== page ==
Storming of the Bastille
In so many revolutions there comes a point of symbolic importance where the power of the government is seen to have ebbed away, that point often coinciding with the refusal or failure of troops to fire upon the revolutionaries. Recently this was the case in Egypt; when the Soviet Union ended it happened as demonstrations took place in Moscow; and as the Berlin Wall was finally rushed East German troops stood by without firing a shot. Such too was the case when the Bastille, a symbol of the ancient regime, fell to the mob.
Louis XVI’s power had already taken two body blows: the nobility had refused him the fiscal support that might have saved France from the economic difficulties foreign adventures had brought it; and the middle classes in mid-June had formed the National Assembly, initially to create a constitution for the country but clear evidence that the status quo could no longer hold, the pseudo-Parliament of the States General dominated by the monarchy and the nobility consigned to history.
On the morning of July 14 the mob or the revolutionaries depending on your viewpoint had seized large quantities of muskets, but little or no gunpowder, at Les Invalides. A great store of powder existed at the Bastille, the fortress-arsenal-prison that, sitting in the centre of Paris, was both an inviting target and a hated icon of royal power.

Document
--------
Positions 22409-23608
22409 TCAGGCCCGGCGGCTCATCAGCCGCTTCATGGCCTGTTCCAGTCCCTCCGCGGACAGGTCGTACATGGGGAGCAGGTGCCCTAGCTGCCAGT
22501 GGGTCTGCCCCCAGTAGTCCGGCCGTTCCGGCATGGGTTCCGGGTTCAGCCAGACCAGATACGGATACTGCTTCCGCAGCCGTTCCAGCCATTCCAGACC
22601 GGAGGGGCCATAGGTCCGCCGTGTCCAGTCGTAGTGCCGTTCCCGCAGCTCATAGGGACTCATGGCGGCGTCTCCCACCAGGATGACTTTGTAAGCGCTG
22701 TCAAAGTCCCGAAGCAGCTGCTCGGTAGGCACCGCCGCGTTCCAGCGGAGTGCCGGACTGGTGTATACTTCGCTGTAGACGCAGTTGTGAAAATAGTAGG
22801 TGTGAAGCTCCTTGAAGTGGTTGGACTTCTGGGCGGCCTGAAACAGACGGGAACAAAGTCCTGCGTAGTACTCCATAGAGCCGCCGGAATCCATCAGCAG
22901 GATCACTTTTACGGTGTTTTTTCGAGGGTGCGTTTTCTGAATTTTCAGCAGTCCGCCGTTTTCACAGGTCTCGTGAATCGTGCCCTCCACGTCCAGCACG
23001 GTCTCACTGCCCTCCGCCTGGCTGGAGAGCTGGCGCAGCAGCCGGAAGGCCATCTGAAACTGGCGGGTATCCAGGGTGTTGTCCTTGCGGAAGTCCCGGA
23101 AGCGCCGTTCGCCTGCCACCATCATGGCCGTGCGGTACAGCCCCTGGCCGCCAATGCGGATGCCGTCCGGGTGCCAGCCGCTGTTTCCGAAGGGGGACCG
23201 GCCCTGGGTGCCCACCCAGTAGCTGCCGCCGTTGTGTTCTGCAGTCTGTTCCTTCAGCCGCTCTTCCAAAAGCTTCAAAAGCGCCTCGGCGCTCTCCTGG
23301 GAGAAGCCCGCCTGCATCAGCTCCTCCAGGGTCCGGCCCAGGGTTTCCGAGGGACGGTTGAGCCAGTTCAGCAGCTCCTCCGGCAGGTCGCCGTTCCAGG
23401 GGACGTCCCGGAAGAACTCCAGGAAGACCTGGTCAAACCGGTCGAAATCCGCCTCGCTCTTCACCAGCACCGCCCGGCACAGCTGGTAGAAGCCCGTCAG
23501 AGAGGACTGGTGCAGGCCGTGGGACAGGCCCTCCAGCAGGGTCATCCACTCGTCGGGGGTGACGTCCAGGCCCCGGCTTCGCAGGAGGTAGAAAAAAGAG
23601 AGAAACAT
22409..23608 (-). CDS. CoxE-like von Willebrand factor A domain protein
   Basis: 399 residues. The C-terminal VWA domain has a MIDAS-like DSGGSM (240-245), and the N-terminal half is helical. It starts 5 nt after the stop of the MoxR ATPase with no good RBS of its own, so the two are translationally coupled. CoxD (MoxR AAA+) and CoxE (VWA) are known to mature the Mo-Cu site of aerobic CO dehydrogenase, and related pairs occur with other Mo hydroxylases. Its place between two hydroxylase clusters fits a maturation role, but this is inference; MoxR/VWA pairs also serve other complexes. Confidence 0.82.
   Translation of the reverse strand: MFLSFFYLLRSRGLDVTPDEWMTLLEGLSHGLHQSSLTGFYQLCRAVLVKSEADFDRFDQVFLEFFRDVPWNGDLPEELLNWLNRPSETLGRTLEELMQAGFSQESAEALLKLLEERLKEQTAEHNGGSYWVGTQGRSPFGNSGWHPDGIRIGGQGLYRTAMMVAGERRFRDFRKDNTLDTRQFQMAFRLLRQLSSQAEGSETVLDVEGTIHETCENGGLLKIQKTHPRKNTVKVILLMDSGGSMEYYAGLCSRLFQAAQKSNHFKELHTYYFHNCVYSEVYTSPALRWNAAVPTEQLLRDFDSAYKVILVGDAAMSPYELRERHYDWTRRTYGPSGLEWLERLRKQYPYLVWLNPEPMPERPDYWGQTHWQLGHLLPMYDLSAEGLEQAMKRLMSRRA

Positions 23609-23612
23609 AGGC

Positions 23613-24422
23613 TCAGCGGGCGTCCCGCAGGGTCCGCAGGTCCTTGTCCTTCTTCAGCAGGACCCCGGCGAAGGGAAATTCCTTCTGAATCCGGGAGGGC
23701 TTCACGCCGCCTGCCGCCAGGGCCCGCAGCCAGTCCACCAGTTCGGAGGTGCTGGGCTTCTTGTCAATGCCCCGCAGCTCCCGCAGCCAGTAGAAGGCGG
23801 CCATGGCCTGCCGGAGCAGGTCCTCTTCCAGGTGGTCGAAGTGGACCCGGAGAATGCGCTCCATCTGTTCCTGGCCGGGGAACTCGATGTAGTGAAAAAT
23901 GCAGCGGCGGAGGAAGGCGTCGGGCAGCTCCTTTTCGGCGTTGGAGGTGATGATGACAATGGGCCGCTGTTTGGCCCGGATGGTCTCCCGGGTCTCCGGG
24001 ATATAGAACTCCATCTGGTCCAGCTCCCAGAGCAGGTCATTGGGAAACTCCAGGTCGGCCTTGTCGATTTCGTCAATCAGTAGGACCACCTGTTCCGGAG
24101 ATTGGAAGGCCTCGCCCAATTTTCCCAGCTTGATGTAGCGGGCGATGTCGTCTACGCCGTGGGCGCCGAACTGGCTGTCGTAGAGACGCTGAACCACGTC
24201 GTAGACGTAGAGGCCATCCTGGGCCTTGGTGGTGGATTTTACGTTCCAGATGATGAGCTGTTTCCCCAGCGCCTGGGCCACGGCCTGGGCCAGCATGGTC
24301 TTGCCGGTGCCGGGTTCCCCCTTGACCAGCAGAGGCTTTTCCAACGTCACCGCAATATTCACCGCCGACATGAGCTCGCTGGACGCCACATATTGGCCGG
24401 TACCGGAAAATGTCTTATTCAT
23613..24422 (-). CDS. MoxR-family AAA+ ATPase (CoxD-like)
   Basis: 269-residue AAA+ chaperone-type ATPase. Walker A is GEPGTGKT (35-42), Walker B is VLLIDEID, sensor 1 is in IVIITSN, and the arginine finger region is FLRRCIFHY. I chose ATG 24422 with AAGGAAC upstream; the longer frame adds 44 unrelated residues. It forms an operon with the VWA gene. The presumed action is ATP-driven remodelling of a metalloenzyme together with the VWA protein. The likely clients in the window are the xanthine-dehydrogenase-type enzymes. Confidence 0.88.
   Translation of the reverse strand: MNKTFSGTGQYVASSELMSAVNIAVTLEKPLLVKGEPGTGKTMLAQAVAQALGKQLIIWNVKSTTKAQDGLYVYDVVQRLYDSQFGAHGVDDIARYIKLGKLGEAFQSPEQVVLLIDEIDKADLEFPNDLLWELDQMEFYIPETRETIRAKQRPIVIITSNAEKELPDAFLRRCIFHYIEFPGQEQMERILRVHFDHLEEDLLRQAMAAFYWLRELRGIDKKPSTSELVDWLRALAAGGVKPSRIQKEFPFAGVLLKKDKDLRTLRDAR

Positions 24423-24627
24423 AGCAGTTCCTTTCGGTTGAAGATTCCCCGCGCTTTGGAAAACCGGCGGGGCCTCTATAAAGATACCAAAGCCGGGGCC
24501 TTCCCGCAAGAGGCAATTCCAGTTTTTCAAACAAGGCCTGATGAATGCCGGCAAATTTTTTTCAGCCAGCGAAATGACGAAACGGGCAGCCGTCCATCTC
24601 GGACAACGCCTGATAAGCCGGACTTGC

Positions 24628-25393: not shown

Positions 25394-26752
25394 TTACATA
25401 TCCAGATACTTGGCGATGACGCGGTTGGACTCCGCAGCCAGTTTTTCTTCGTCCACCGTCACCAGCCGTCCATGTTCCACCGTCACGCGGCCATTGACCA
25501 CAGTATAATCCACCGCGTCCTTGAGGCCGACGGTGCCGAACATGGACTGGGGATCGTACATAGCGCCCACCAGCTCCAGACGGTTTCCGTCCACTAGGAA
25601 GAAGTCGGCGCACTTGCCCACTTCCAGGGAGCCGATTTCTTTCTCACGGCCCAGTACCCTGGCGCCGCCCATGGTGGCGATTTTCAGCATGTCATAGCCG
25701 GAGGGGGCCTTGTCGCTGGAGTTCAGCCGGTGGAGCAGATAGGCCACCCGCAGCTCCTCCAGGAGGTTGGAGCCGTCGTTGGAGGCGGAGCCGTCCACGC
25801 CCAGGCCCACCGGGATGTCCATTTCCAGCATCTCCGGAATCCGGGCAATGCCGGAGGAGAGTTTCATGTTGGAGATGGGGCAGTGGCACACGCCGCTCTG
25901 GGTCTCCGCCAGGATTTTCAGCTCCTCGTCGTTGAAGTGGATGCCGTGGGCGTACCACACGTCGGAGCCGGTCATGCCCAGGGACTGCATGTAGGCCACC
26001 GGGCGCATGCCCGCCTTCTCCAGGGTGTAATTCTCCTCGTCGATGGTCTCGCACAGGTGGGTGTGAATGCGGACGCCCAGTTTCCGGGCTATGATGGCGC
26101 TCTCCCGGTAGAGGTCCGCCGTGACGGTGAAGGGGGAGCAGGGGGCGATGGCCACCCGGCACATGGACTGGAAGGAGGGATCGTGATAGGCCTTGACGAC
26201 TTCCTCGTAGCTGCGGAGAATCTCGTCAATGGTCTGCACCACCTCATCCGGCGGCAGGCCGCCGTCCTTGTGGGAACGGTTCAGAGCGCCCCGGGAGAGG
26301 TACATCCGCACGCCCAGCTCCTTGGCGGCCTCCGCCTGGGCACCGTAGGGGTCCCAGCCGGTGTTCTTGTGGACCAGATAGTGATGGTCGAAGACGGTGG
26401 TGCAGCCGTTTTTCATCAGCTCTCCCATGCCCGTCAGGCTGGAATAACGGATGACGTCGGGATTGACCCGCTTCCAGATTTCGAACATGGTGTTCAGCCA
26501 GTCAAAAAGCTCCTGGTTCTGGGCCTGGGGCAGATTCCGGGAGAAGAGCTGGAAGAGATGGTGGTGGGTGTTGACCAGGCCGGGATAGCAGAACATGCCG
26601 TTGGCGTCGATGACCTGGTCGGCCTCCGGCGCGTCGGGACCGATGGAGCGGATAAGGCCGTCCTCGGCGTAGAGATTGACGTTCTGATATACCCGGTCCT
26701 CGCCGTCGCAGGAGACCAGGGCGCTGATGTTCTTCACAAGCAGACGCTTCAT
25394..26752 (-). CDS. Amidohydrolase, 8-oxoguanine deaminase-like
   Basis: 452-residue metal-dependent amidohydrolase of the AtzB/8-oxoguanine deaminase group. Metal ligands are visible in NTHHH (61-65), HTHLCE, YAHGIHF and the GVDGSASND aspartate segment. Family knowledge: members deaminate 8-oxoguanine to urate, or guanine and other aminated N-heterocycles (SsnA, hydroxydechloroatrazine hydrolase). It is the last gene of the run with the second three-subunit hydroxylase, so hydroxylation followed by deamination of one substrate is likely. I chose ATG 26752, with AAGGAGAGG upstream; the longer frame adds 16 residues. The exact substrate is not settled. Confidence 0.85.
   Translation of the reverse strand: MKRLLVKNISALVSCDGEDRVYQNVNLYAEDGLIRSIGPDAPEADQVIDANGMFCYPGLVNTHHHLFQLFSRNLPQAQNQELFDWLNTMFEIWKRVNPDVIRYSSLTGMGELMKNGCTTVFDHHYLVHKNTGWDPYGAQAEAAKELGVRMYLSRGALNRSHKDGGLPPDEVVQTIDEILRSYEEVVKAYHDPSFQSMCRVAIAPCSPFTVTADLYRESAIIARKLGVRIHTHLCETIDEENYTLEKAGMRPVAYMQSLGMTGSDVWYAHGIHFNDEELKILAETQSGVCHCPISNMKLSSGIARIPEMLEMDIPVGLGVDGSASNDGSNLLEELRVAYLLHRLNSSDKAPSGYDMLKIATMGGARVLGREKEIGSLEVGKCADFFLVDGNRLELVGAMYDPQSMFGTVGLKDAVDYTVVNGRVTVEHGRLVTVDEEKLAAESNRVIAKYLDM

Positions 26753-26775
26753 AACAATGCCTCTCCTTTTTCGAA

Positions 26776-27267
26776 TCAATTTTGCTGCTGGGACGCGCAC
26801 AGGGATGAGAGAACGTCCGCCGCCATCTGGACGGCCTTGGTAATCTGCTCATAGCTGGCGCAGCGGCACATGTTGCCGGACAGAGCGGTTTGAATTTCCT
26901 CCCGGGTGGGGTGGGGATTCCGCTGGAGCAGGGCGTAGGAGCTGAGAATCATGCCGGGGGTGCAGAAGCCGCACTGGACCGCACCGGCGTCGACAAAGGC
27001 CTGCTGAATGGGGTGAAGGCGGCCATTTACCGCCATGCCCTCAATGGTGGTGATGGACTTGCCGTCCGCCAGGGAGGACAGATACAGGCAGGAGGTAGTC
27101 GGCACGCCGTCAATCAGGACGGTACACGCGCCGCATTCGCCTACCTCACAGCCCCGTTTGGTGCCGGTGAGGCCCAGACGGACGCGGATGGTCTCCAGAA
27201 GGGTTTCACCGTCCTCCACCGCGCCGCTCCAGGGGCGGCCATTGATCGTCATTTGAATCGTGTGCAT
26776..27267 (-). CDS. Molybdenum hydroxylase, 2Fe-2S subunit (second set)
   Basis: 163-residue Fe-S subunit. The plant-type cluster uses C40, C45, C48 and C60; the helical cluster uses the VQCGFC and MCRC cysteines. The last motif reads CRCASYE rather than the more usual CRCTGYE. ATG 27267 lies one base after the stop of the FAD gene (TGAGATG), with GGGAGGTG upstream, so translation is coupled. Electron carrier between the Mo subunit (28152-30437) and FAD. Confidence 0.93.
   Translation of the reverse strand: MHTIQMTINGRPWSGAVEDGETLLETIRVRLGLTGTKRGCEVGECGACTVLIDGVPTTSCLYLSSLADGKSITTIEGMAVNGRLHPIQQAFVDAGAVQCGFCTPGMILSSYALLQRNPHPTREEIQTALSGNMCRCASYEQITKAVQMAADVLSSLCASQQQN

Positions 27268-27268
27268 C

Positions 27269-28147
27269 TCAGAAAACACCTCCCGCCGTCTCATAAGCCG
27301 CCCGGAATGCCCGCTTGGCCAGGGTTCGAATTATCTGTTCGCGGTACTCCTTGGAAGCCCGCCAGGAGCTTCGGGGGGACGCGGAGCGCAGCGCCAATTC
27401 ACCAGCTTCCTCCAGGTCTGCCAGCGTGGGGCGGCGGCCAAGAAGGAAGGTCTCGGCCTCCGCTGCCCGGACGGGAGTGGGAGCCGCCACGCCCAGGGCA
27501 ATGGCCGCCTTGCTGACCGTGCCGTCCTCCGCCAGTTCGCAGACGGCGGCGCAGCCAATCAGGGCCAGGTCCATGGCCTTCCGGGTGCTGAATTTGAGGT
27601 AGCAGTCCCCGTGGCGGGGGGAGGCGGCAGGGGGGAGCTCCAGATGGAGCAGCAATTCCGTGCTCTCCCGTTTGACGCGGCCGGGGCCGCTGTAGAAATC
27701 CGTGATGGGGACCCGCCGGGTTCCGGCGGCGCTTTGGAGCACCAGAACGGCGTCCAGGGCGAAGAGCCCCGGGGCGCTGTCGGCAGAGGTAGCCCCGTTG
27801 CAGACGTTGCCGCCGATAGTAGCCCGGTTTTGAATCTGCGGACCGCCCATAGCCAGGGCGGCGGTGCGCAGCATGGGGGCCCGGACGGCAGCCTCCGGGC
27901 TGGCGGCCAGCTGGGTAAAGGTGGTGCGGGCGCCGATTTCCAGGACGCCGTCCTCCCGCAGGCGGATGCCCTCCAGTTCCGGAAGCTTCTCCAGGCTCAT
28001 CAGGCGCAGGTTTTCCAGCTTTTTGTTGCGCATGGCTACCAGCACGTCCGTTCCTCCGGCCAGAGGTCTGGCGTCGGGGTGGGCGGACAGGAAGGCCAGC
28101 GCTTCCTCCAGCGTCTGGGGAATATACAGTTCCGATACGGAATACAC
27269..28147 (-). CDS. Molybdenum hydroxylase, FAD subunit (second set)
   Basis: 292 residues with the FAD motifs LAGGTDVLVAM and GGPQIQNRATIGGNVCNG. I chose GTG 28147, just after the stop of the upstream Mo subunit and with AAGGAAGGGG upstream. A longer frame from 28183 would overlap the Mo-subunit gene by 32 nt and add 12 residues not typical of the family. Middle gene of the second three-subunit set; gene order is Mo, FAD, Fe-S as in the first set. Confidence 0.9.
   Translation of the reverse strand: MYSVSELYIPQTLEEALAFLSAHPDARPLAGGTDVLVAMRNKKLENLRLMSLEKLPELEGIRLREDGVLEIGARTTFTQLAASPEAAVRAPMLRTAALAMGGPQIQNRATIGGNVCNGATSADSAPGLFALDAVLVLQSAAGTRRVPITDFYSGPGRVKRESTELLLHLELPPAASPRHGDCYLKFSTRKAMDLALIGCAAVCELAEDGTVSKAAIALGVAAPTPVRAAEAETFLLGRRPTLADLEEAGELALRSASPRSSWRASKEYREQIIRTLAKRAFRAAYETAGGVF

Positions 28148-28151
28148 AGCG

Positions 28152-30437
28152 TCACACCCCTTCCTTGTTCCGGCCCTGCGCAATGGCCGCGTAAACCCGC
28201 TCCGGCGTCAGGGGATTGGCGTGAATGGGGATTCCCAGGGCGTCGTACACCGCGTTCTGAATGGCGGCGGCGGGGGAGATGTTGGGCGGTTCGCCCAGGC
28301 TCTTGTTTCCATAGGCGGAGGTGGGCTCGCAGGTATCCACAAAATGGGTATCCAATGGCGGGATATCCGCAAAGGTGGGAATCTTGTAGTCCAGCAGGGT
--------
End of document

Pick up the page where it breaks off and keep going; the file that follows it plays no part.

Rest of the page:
The Bastille’s governor de Launay at first fought off the attackers, though they were about 1000 strong and he had just 82 soldiers invalided out of normal duty, and 32 Swiss grenadiers. De Launay, however, had 30 artillery pieces on the walls. When after some struggles negotiations were underway the crowd gained the outer courtyard, and though fighting continued the fortress was by late afternoon lost, de Launay surrendering even though his conditions to do so had been refused. De Launay, under arrest, was beaten and then bayoneted to death and his head put on a pike. The prisoners and powder were both ‘liberated’.
While de Launay was fighting off the mob large numbers of royal troops were stationed at the Champ de Mars, but for whatever reason their commanders failed to engage with the revolutionaries. The French Revolution had begun its violent phase, and soon the spirit of revolt would spread through the country and eventually through much of Europe. De Launay’s was far from the last head to roll, the king himself guillotined four years later.